Our shower is the kind where the showerhead’s on the end of a hose, and there’s no place to hang it on the wall, so I have to hold the showerhead in one hand and wash myself with the other– very inconvenient. I took a shower a few hours ago and my hair’s still wet, and I am freezing. It is always colder in the house than outside, but lately it’s seemed even colder than usual. Well, at least it’s not anywhere near as cold as Minnesota.

Sunday 2/22 12:03

Last night Areli and I went to a Carnaval show at the Palacio de Congresos, a really neat big building covered with green stone. It started at 18:30 and went until about 23:00, but we left at 20:30 because we didn’t want to wait that long for dinner.

The show was made up of several little shows, each of which involved people in costumes singing funny songs. At least I assume they were funny, because people laughed, but I understood very little. It’s surprising the difference that singing can make. I can’t understand the words of songs even in English.

Anyway, the first show was a bunch of people dressed up as priests and nuns, with a church background. The second was a bunch of guys in kilts, in front of a mountain scene. Then came a group of ladies dressed up as bullfighters, and then Saint Peter and some angels.

My photos didn’t turn out very well, because I didn’t want to use flash, and the actors weren’t standing still enough for the long exposures that I needed without flash. (I tried one photo with flash, and I must’ve picked the wrong setting on my camera, because it took one of those pictures where it flashes about eight times, really bright, and the person in front of me turned around and gave me a nasty look. And it all surprised me so much that I moved the camera while it was taking the picture, so it didn’t turn out; it showed more of the seat in front of me than the stage.)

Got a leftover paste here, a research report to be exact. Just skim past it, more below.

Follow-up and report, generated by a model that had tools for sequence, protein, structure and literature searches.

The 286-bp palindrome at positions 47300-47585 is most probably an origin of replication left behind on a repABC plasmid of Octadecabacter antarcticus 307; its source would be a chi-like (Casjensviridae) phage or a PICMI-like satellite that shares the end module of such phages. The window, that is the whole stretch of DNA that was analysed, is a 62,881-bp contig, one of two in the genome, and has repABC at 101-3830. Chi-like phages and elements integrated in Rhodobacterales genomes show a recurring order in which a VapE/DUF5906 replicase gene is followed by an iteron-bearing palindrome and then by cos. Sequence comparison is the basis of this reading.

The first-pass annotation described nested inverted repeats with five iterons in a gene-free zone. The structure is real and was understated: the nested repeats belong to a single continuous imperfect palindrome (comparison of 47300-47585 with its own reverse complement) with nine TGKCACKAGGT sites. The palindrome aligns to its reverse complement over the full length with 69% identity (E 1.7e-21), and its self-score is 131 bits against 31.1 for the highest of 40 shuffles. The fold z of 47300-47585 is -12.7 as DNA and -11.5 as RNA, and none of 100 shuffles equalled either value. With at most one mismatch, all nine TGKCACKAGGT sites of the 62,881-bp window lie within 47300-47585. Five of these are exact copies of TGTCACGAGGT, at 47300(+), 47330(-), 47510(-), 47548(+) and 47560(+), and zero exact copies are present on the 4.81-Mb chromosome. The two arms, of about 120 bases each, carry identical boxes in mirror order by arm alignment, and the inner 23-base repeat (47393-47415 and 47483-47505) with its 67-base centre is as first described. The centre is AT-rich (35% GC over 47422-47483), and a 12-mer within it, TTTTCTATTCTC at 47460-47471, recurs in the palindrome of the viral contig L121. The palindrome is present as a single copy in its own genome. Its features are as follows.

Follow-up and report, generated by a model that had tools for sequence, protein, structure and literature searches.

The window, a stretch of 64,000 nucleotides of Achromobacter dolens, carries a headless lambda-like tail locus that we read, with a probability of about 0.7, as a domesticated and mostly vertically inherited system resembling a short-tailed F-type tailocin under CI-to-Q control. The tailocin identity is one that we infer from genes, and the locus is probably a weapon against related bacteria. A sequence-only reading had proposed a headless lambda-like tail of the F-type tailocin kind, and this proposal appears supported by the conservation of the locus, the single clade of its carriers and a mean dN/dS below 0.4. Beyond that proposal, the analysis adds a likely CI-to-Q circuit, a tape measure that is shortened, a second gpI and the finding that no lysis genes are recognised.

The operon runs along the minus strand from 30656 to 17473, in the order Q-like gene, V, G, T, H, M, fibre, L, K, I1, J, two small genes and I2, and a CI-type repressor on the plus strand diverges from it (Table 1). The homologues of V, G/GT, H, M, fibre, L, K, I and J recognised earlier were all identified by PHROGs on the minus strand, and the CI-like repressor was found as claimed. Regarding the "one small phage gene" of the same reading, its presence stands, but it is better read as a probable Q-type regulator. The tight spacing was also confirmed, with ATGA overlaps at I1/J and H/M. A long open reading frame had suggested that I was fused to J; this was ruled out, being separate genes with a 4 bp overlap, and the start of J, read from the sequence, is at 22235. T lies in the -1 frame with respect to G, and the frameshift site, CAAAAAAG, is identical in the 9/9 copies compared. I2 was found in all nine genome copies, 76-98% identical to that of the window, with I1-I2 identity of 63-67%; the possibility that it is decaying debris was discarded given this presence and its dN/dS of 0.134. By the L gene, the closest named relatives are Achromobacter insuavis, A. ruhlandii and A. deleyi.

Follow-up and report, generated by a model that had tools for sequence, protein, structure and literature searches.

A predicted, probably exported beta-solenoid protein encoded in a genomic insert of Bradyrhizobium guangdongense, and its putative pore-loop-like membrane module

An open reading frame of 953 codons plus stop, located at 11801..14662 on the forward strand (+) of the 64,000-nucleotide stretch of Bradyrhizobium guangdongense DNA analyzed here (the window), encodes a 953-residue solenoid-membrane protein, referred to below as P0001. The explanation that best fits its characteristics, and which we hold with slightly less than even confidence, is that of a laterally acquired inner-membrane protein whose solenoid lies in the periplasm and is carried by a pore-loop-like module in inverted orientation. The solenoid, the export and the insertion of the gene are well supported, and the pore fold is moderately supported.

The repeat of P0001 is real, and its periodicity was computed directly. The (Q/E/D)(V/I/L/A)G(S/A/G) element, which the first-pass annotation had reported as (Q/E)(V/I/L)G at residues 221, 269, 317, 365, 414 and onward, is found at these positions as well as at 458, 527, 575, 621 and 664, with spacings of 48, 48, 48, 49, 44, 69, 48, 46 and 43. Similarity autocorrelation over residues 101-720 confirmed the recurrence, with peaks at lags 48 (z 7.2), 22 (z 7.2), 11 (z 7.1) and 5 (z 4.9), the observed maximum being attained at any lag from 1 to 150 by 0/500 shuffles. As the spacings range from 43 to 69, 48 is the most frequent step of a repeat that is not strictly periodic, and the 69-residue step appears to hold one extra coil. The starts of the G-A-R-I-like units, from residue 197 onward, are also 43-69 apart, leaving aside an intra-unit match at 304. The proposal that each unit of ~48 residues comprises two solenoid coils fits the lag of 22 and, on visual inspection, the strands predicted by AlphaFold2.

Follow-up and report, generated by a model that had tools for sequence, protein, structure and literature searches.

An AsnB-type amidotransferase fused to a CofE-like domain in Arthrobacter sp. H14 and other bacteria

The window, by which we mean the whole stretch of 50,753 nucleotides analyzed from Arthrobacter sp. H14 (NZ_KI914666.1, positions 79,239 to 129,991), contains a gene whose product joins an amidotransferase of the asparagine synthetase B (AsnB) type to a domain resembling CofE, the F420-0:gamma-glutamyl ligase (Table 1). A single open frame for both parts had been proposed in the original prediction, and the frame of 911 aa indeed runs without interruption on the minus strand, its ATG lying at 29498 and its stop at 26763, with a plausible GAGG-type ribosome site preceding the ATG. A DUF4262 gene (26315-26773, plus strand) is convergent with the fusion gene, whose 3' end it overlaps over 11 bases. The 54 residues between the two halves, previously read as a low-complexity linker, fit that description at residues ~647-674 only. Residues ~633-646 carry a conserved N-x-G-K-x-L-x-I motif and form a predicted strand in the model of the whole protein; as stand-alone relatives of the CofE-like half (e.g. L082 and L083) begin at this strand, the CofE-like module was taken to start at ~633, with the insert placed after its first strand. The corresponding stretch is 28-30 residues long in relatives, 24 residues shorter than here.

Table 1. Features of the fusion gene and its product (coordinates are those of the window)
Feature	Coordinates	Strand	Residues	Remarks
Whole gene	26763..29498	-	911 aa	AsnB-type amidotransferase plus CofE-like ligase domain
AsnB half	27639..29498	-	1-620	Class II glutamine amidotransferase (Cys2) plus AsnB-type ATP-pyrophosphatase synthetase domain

I have to write an essay about a friend or relative at home, for my Tutorial class on Wednesday, but I am so uninspired. It’s an interesting class, though– we are reading Manolito Gafotas, a very silly book in colloquial Spanish. I have so much fun imagining how I would try to translate it into English. In fact, I’ve read the whole book already, and I am probably going to be pretty bored for the rest of the course. Maybe I should try to translate it into English, just so I have something to do.